My rebuttals to Brian Armstrong's tweet storm where he defends CoinBase's decision to provide chain analysis services to law enforcement agencies.
This is not an ad hominem attack on Brian, this is not an attack at all, I try to present an alternative perspective on the things Brian said in defense of CoinBase's decision to work with Law Enforcement Agencies (LEAs) by providing them chain analysis services. Brian has demonstrated that compliance is core to CoinBase's strategy, and I think that puts the government's best interest ahead of the customer's best interest. When the customer's best interest is secondary, free-enterprise has been hi-jacked by oppressive government, that battle has clearly been lost. The government get's unrestricted and privacy-invasive insight into people's transactions, these people thought they were doing something to help themselves out of the continual deterioration of their wealth by opting into Bitcoin. People who wanted to preserve the time they exchanged for pay are being specifically targeted because the medium of pay they were given is broken and constantly loosing value to inflation, so they get punished in the form of sacrificing their privacy because they found an alternative.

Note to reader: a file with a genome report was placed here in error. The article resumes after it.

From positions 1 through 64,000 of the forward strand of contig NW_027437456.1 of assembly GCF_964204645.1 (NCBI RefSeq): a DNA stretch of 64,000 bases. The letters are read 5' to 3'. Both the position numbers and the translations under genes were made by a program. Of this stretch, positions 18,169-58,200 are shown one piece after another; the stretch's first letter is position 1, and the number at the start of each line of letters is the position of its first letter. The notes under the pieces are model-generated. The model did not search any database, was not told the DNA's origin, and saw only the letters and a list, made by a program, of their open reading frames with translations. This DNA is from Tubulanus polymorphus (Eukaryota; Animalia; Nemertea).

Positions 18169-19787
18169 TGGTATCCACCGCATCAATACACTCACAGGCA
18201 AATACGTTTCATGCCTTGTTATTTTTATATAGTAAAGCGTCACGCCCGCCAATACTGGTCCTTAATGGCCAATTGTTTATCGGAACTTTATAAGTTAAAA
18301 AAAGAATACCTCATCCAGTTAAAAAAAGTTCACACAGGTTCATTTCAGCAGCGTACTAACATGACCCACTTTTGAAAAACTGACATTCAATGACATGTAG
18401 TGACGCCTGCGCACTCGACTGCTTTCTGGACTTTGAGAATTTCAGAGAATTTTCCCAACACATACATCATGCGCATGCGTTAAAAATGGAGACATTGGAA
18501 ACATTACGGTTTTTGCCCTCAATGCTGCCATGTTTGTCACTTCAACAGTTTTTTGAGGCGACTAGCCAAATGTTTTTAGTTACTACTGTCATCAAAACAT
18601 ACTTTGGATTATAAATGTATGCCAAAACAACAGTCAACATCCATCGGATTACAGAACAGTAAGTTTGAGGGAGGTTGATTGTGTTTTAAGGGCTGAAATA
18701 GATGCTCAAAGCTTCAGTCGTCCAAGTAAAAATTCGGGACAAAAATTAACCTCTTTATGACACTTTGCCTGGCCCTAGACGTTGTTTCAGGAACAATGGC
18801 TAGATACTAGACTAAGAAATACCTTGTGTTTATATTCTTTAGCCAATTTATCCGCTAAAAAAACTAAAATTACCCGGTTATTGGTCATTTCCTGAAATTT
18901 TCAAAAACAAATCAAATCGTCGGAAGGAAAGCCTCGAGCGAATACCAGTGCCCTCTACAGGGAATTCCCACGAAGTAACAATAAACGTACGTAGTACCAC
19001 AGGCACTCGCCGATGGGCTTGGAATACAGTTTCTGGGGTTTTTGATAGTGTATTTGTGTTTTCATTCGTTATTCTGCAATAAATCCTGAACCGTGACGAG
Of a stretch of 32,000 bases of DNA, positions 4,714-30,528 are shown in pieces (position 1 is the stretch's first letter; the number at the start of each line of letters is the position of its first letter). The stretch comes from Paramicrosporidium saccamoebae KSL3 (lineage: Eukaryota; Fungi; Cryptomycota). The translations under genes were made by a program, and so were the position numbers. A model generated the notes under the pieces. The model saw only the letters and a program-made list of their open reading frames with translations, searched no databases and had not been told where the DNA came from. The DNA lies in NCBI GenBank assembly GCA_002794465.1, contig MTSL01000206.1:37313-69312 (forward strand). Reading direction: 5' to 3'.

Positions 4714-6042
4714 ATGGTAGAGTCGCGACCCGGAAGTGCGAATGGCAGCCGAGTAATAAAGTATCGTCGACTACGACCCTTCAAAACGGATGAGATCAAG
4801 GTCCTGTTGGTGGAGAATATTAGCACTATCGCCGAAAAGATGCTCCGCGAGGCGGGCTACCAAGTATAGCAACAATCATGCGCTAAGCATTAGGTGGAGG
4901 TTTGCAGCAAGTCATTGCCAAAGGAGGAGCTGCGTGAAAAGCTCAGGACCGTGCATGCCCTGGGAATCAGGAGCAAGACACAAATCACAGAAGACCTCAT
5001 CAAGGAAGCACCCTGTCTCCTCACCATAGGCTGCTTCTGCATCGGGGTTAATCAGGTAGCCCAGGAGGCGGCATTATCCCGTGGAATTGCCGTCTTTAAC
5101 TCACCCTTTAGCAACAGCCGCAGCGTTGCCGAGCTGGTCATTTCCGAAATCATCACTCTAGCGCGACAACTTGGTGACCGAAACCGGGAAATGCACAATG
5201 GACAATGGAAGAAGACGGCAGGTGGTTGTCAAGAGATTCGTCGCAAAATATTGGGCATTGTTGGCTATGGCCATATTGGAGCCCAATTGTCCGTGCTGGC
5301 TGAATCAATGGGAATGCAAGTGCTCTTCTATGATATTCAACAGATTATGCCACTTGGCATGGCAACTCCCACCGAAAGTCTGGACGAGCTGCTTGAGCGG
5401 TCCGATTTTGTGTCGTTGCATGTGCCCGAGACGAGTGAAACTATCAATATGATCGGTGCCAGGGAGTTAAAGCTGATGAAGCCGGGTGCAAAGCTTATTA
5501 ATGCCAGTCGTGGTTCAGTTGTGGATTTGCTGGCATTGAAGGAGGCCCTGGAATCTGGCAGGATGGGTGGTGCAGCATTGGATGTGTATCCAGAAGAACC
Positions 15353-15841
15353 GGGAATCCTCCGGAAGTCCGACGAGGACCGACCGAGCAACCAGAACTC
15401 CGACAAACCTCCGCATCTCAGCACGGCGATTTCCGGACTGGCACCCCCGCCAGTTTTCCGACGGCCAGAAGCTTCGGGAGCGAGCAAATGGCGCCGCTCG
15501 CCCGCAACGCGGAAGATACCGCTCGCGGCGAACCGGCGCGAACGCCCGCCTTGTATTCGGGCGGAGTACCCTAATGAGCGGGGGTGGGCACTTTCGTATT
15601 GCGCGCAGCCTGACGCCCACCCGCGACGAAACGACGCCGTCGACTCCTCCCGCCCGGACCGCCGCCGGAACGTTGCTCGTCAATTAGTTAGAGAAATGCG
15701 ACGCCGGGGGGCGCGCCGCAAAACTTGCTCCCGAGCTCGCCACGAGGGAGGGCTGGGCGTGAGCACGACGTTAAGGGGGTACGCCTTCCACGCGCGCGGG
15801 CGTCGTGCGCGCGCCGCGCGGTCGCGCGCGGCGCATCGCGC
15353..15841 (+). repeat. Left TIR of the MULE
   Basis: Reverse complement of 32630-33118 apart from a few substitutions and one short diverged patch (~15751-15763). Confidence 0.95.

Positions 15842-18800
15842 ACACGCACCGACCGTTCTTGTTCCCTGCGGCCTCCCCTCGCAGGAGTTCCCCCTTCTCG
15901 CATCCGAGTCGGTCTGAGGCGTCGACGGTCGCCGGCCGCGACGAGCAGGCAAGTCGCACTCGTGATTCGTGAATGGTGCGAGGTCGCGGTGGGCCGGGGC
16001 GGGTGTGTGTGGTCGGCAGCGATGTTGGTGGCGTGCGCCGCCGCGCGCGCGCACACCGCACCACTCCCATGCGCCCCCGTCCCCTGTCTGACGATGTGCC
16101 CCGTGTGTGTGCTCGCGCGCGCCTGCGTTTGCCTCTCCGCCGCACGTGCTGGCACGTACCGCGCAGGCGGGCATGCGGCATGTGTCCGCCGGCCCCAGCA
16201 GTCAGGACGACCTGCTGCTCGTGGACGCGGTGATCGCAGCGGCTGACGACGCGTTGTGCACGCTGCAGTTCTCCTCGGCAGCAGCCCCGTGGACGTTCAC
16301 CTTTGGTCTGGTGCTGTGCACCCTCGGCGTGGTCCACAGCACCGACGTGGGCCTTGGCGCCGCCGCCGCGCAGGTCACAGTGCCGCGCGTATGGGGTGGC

All the while, smiling to their face, CoinBase invites these people in with open arms, user friendly applications, and convenient payment methods. Simultaneously, with a knife behind their back, CoinBase provides government agencies with the tools necessary to follow every transaction on the public ledger and conveniently provide a nicely packaged file on any individual, should the need arise, that includes personally identifiable information coupled with the on-chain transaction history.
I find it really quite disturbing how the ideas of censorship resistance, decentralization, neutrality, open source, & borderless technologies applied to money are being branded, marketed, and sold to the masses when what is actually being delivered is a tracking device tied to a person's identity to generate data that is sold to government oppressors.
CoinBase has turned Brian Armstrong into a billionaire, selling the idea of freedom while architecting the slaughterhouse. So when I see Brian produce a tweet storm defending his company's atrocious decisions I cannot help but call it as I see it.